Building your dream house? Check out this eye candy!
bungalowmo
November 20, 2013 in Design Dilemma
Since I love looking at stuff like this, I thought I might share...just for a change of pace & check out some extraordinary construction skills! http://www.castlevictorian.com/#
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Studio M Interior Design
Love Victorian homes. Our office is in a century-old Victorian home in Tampa :)
2 Likes   December 13, 2013 at 7:56AM
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shakerjaebs
I love looking at old house plans, too. I found my neighbor's house in a Sears catalog! She was so excited.
2 Likes   December 13, 2013 at 8:10AM
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Dytecture
Would cost an arm & leg to do this today!
3 Likes   December 13, 2013 at 8:11AM
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diyher
easily 1mil to start depending on location I would bet, especially all those varied architectural roofs.
1 Like   December 13, 2013 at 8:13AM
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indianpatti
wow ... gorgeous! Love the chimneys. Great price ... $695K on 60 acres?
1 Like   December 13, 2013 at 8:14AM
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victorianbungalowranch
They put a lot of time and money into this house and I feel sorry that they have to sell.

The house itself is not exactly like the inspiration, especially in the porch and gable detail. They omitted the small pent roof over the front porch and the arched lattice work in the upper and side porches, and in the gables. As a result the porch supports look undersized and a bit flimsy for the heaviness of the rest of the building. Changing some of the porch trim would help improve this aspect.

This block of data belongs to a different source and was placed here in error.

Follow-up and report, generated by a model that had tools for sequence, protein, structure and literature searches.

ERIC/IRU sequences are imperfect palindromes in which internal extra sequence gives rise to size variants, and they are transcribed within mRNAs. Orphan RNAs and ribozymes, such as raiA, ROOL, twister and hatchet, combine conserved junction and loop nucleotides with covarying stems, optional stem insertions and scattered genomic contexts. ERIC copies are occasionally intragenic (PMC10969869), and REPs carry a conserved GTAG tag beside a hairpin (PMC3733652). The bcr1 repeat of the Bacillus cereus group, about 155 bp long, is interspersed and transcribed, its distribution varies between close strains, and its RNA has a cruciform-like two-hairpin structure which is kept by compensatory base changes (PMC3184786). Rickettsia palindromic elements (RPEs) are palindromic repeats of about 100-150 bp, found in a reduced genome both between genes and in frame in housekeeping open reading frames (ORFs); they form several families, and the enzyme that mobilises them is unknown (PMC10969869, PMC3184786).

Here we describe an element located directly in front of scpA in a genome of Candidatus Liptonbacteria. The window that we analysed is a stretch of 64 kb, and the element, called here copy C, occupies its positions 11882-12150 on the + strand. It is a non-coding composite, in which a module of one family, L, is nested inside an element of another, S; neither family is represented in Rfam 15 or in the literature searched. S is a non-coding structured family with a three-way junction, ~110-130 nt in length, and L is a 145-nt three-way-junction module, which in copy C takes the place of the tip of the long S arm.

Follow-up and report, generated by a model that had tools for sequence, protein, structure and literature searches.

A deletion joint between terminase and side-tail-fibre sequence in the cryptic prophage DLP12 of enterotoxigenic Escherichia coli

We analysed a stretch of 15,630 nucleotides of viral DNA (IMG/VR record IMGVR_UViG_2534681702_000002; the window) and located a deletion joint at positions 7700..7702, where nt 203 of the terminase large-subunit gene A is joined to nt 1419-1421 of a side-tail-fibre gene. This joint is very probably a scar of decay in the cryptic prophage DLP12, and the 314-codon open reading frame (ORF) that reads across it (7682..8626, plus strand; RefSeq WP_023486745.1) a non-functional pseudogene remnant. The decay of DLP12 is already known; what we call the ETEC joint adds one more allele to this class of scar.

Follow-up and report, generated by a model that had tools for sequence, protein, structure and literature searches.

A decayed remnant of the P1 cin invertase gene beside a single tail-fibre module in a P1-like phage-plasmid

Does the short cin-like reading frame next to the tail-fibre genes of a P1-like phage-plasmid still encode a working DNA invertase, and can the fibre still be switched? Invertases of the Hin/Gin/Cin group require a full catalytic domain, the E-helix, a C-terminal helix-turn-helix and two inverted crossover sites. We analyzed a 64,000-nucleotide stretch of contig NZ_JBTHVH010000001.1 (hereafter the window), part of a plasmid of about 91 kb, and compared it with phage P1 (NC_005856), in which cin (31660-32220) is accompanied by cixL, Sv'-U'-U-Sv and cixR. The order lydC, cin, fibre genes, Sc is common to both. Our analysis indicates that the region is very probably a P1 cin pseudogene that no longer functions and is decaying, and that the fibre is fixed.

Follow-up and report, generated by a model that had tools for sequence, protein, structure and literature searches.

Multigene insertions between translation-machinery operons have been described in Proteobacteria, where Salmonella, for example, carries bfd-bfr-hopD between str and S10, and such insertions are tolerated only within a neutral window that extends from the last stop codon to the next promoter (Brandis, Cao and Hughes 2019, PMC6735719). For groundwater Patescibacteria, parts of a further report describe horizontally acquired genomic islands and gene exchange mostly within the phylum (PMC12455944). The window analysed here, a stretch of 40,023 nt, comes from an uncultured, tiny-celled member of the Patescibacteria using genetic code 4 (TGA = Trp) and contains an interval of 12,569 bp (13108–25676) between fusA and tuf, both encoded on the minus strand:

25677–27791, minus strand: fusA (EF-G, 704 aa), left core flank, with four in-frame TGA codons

I once found a picture-perfect Swiss chalet, just like the real thing, not a ski cabin, complete with stone floors in the "barn" portion and Agra stove, in the wilds of upper Michigan, which they had to sell at a loss at a bargain basement price. Georgeous house, horrible winters, new job, big loss.

Sometimes it is better to buy or build something less than your dream. I may drool over period houses, but I know I don't have the skill or money to keep up with a grand Victorian (even a new one!) so I have a pretty basic vernacular house with a few interesting details, I have lived in rentals most of my life, so perhaps my expectations are less--seems pretty grand compared to what I used to have, and I can paint the walls! and it is enough for me. I have a friend with a grand Victorian that stood vacant for many years, and she is facing many challenges. My hat off to those who can pursue a dream like that.
2 Likes   Thanked by bungalowmo    December 13, 2013 at 8:45AM
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solincia
Just come to Ohio, you could buy an original Victorian for about $200k.
4 Likes   December 13, 2013 at 8:49AM
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chookchook2
Here we would call that a Queen Anne.
2 Likes   December 13, 2013 at 8:50AM
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chookchook2
Dytecture, don't pay an arm and a leg for that house, you won't be able to ascend the stairs.
3 Likes   Thanked by bungalowmo    December 13, 2013 at 8:52AM
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solincia
This was a house I had my eye on when we were house hunting.. My husband is a bit more practical and wanted more than one bath and a garage. http://www.zillow.com/homedetails/1323-W-111th-St-Cleveland-OH-44102/33327095_zpid/